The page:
The purpose of this study was to examine the near-miss experiences of RNs working in perioperative services to understand their perception of the causes of near misses. The setting was a multi-facility health care system in the mid-Atlantic region of the United States. The study design was descriptive, using a survey of perioperative nurses that was developed for the study. Study participants could complete up to four surveys for near misses that they personally experienced in the perioperative setting. Participants ranked six causal factors (ie, team, workload, task, staff, patient characteristics, hospital characteristics) according to the extent of that factor's contribution to the near miss. The team factor was the most frequently identified cause of near misses, with the top ranked cause as “communication between team.” Two causal factor subcategories, “inconsistent information” and “incorrect monitoring,” were predominant in the near misses reported. The findings from the study provide an understanding of perioperative nurses' near-miss experiences and detail the frequency of near misses as well as identify types of near-miss causes.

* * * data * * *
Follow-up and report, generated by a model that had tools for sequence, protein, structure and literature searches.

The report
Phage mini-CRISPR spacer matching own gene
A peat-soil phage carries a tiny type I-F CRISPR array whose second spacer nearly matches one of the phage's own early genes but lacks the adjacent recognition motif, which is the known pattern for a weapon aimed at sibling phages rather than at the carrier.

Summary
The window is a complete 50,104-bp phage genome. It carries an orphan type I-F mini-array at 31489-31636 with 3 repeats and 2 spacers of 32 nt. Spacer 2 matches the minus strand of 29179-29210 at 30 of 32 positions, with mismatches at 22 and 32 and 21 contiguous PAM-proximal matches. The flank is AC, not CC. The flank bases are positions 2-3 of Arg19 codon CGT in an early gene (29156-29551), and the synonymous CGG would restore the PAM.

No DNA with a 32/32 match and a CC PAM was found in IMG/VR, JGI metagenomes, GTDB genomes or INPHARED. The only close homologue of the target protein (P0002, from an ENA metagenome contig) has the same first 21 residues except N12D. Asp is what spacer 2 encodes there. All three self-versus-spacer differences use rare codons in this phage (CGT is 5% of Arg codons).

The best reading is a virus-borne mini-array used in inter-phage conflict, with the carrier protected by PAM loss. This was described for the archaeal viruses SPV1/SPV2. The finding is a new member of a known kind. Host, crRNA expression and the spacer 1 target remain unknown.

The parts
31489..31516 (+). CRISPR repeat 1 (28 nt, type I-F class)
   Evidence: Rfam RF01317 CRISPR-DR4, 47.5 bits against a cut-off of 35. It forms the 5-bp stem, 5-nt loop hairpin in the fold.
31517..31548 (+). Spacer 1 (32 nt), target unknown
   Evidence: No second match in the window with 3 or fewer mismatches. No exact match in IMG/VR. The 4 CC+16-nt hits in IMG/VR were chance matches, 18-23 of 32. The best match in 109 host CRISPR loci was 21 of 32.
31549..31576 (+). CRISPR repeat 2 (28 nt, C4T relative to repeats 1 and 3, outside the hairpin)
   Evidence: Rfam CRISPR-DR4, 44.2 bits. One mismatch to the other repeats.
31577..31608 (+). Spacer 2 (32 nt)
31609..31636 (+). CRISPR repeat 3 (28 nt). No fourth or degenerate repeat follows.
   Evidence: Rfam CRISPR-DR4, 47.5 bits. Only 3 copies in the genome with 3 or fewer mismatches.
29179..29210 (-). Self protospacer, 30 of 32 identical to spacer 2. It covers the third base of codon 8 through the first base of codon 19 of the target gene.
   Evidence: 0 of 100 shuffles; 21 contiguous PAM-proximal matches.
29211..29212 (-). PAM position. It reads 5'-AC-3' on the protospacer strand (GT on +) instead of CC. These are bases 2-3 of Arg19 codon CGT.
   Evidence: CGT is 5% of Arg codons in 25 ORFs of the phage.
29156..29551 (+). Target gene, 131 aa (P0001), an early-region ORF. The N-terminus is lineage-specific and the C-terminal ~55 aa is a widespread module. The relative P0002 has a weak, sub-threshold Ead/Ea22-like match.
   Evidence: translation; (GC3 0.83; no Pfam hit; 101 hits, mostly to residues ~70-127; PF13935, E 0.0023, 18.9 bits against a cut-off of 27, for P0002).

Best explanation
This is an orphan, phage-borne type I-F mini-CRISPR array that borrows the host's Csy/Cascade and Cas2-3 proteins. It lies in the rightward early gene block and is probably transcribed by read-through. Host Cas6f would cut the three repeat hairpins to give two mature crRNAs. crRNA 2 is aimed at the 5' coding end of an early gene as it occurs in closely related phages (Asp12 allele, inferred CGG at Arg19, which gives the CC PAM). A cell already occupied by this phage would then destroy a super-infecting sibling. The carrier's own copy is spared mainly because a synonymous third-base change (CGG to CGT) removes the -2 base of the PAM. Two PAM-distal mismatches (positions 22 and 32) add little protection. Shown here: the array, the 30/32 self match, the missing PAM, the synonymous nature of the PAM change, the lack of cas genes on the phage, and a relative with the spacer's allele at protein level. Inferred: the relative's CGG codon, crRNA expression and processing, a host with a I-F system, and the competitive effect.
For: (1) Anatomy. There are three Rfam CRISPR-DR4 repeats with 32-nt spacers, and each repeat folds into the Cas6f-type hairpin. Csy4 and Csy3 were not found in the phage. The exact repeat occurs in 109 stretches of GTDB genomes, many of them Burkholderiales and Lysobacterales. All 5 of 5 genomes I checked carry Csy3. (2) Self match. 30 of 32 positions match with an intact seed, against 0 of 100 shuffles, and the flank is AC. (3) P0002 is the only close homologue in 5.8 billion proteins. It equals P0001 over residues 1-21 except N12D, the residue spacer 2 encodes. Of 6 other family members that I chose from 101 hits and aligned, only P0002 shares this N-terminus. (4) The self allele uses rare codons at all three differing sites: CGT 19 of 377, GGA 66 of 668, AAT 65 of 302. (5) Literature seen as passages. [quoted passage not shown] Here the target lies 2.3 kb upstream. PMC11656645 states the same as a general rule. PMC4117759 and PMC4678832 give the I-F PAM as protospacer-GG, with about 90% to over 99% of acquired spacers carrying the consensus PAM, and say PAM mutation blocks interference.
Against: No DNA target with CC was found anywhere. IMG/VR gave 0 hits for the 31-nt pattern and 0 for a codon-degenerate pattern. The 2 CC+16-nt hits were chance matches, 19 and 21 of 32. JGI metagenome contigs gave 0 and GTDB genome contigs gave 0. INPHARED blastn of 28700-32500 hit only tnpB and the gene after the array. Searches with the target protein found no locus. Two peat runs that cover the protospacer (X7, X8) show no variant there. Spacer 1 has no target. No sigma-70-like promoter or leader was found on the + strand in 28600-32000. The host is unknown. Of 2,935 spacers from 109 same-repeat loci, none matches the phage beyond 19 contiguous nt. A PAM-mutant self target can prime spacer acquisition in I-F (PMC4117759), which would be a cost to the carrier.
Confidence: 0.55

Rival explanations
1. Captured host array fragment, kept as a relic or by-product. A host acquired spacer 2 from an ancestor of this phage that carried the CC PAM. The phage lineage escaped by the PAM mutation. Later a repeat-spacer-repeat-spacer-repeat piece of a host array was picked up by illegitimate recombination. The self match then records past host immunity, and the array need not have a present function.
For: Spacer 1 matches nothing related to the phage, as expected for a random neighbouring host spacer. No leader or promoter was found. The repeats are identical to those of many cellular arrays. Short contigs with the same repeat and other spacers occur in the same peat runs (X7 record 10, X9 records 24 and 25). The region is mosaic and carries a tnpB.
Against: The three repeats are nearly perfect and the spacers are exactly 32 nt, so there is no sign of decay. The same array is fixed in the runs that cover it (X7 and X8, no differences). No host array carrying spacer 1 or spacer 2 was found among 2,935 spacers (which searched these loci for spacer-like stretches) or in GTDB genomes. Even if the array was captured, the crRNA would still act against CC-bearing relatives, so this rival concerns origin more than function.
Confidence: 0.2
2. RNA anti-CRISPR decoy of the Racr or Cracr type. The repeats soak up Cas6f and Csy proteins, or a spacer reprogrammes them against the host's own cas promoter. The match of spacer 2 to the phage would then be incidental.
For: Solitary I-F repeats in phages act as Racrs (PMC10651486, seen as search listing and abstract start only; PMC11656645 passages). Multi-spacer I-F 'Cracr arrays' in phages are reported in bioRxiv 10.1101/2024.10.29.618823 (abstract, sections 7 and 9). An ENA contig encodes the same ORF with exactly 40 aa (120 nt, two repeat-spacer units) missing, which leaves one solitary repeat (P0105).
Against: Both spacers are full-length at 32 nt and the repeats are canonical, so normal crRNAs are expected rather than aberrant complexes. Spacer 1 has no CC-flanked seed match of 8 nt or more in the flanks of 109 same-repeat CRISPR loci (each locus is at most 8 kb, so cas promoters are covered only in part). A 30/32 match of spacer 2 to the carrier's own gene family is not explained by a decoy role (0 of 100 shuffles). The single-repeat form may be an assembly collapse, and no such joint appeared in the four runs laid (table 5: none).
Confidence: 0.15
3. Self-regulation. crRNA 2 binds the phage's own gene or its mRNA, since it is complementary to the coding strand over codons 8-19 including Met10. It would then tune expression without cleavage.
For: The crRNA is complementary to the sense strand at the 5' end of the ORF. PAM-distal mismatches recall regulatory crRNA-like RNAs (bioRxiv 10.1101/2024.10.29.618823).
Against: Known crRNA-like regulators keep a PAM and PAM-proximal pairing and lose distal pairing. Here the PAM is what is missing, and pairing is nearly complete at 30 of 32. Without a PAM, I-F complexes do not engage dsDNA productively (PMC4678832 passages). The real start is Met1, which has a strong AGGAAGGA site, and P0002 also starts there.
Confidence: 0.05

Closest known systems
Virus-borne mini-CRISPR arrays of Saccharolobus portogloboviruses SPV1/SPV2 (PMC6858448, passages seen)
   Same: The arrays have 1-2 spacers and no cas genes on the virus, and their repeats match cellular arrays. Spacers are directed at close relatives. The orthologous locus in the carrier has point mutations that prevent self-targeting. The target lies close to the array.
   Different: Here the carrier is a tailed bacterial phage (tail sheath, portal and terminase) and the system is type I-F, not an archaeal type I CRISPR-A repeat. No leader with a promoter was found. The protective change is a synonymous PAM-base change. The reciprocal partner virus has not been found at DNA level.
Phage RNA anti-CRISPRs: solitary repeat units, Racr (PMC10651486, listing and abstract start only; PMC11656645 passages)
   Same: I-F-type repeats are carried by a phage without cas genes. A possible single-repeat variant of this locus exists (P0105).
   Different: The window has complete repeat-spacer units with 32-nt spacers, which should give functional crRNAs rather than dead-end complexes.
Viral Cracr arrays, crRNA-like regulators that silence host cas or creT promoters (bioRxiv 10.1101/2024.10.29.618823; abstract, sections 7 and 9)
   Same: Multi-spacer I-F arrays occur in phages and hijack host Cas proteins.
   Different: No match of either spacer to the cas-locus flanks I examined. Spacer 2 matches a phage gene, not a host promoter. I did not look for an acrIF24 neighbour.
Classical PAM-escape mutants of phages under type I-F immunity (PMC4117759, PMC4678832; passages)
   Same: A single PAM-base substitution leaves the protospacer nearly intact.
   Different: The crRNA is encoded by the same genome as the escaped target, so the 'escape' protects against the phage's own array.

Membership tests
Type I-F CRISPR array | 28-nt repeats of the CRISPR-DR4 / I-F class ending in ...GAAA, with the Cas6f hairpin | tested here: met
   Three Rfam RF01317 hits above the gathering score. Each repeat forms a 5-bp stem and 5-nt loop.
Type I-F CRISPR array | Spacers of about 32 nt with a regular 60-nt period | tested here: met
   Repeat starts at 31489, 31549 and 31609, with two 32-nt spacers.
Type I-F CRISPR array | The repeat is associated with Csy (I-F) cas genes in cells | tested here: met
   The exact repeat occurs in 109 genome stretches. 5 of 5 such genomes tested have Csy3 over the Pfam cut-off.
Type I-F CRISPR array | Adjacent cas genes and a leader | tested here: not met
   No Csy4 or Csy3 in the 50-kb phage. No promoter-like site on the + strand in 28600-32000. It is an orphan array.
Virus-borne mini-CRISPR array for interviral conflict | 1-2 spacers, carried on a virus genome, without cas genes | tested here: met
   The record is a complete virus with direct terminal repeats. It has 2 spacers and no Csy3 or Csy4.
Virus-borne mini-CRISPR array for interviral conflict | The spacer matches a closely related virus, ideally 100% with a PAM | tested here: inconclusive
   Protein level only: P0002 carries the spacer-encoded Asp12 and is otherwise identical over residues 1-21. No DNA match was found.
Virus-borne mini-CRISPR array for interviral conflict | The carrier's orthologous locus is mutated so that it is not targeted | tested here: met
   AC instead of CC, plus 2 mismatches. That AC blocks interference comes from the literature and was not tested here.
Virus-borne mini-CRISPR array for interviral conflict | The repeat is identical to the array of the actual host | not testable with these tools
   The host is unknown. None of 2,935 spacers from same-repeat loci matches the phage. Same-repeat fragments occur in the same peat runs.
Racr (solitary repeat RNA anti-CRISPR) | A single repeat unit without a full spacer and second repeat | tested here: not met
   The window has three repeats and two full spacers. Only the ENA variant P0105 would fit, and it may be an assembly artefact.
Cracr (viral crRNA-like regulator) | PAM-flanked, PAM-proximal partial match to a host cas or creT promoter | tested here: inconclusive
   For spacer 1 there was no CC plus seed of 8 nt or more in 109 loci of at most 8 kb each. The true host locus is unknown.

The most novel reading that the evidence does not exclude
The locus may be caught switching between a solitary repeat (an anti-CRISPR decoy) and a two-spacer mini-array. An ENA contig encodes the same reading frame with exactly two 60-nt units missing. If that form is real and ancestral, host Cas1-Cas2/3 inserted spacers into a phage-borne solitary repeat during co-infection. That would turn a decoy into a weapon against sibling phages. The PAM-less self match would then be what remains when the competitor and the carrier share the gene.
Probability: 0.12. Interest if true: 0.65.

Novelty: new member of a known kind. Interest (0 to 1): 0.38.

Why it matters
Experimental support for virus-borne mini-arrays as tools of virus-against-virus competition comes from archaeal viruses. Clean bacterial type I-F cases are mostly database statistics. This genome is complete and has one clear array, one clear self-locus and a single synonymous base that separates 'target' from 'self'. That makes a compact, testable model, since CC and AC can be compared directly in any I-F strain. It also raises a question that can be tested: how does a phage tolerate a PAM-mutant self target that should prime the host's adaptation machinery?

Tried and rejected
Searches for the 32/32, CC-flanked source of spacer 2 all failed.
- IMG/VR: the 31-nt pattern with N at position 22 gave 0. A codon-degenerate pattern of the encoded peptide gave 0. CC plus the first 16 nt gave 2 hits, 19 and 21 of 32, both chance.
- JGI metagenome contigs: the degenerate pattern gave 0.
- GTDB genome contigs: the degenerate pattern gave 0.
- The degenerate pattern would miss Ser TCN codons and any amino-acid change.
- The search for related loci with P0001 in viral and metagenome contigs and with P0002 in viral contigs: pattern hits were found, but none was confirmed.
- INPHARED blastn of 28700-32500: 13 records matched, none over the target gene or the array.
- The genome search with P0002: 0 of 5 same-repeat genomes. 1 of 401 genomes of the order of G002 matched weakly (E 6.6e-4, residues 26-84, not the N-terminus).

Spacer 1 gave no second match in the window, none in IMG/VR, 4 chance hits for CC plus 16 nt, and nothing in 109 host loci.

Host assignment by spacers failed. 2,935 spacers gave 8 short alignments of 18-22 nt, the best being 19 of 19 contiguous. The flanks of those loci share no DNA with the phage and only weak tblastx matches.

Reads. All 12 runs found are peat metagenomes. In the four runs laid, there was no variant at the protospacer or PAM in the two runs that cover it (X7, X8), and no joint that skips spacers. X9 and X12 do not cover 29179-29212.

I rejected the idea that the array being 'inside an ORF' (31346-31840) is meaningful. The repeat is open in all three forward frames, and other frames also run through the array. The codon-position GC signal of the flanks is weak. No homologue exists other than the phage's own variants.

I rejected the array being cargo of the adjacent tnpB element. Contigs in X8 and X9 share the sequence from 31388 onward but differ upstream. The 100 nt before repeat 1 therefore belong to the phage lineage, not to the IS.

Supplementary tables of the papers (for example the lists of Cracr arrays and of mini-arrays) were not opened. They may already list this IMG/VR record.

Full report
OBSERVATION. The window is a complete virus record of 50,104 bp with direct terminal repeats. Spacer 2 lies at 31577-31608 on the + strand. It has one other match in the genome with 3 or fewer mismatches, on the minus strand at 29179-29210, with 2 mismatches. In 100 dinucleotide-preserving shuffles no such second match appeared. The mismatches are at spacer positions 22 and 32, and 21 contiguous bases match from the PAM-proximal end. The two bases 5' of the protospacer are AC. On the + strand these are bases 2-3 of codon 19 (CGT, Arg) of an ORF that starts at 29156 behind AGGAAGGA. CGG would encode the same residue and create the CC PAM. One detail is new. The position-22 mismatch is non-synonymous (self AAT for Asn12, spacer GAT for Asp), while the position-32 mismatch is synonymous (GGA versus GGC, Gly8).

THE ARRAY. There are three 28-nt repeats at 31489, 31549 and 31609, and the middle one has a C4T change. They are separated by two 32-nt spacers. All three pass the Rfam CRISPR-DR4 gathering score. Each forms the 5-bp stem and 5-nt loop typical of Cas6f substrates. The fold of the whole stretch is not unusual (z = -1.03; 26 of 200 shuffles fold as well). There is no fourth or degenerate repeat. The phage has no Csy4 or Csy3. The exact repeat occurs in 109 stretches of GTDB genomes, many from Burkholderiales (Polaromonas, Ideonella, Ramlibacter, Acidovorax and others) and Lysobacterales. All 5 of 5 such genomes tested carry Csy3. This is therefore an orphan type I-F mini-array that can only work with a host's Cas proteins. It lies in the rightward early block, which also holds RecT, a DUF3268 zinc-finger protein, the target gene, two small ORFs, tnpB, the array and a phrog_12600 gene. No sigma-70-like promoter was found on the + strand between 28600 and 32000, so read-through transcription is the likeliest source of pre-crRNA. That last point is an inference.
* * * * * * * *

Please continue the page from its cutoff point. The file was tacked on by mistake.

Financed by the National Centre for Research and Development under grant No. SP/I/1/77065/10 by the strategic scientific research and experimental development program:
SYNAT - “Interdisciplinary System for Interactive Scientific and Scientific-Technical Information”.